SINGAPORE - In another push to get more people to commute outside of the rush hour and reduce crowding on public transport, the Government will launch a new off-peak monthly travel pass later this year.
For $80 a month, adult commuters can enjoy unlimited rides on buses and trains during off-peak hours on weekdays, and all day on weekends and public holidays.
Senior citizens and those with disabilities can buy it for $40.
Off-peak hours on weekdays refer to any period outside the morning peak period from 6.30am to 9am, and the evening rush hour from 5pm to 7.30pm.
Regular fares continue for peak-period travel.
The off-peak pass is two-thirds the price of the $120 monthly travel pass for adults and the $60 pass for senior citizens and those with disabilities.
The new scheme will be piloted for two years and funded by the Government at an expected cost of $10 million annually, the Ministry of Transport said yesterday.
It is expected to benefit around 40,000 commuters and will kick off on July 5.
In a Facebook post yesterday, Transport Minister Lui Tuck Yew said: "If we can shift an additional amount of travel to outside the peak period, everyone will enjoy a more comfortable journey."
The off-peak travel pass will complement other government initiatives, such as a free-travel pilot scheme on the rail network which started in June 2013.
Under the scheme, commuters who exit any of the 18 designated MRT stations in the city area before 7.45am ride for free.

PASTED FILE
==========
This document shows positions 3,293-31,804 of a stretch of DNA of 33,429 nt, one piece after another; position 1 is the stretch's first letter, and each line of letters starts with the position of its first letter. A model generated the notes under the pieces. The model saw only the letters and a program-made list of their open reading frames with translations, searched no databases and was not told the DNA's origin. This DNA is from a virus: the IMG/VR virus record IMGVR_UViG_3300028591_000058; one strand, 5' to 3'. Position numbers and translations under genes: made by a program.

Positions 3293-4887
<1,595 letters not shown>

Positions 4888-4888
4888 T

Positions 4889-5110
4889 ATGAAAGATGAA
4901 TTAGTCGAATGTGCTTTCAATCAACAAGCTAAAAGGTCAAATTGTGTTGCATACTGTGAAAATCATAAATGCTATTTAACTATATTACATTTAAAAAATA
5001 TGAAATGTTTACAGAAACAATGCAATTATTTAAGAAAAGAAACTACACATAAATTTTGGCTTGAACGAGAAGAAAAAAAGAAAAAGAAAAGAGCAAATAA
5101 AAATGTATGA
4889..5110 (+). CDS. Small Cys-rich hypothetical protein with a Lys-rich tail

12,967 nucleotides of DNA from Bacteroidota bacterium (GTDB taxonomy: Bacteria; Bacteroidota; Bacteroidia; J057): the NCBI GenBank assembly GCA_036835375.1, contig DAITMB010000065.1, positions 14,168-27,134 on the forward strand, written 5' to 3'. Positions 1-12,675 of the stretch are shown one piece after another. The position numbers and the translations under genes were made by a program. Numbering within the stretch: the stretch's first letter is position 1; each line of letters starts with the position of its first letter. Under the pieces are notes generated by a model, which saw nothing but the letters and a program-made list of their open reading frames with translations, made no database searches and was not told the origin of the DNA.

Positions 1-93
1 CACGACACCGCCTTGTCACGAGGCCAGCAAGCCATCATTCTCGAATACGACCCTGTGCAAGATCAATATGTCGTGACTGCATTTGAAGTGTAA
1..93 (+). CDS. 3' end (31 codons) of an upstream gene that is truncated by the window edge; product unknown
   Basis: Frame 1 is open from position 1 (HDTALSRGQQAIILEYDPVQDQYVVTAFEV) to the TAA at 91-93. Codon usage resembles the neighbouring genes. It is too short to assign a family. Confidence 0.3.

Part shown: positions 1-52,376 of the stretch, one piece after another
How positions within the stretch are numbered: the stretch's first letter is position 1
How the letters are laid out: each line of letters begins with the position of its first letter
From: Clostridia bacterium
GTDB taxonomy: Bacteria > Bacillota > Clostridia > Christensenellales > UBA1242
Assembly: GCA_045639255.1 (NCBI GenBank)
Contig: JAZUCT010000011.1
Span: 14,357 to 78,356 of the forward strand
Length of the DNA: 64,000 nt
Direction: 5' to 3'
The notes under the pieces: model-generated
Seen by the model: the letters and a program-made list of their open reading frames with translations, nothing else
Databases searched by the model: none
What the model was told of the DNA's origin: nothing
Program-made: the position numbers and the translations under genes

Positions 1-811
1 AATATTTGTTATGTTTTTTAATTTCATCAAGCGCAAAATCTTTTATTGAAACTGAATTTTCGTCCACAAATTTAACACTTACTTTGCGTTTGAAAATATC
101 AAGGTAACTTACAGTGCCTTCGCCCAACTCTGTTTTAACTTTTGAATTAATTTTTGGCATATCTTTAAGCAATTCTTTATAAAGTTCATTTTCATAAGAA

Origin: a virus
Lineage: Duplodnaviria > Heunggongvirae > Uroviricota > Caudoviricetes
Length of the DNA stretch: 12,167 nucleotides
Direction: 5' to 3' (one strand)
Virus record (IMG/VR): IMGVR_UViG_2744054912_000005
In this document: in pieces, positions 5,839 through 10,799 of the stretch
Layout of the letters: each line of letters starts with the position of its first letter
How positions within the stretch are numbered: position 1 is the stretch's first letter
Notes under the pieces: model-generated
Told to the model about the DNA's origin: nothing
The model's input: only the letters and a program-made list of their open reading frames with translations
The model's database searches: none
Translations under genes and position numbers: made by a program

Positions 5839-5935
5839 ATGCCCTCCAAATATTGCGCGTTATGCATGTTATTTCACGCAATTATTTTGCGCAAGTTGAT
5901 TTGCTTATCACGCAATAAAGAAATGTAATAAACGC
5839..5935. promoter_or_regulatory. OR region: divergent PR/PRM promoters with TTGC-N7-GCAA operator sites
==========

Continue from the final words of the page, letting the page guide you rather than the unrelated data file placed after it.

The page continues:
About 7 per cent of commuters have since switched to travelling during non-peak hours.
Last July, the Government also announced a programme to co-fund initiatives by companies to make their workplaces more supportive of flexible travel arrangements.
National University of Singapore transport researcher Lee Der Horng said that the new pass can encourage more people to travel during the off-peak hours.
But he added: "I think travelling before 6.30am is really too early.
"If they can shift the peak hour to start at 7am, I'm sure more people can benefit."
Freelance beautician Augustine Ong, 44, travels frequently during the off-peak hours to pick up beauty products, make deliveries and meet friends.
She spends more than $90 a month on public transport, and as much as $6 on some days.
"I would consider getting this concession card since, with transport prices going up, every little bit helps," she said.
Additional reporting by Olivia Ho
This article was first published on Jan 22, 2015.
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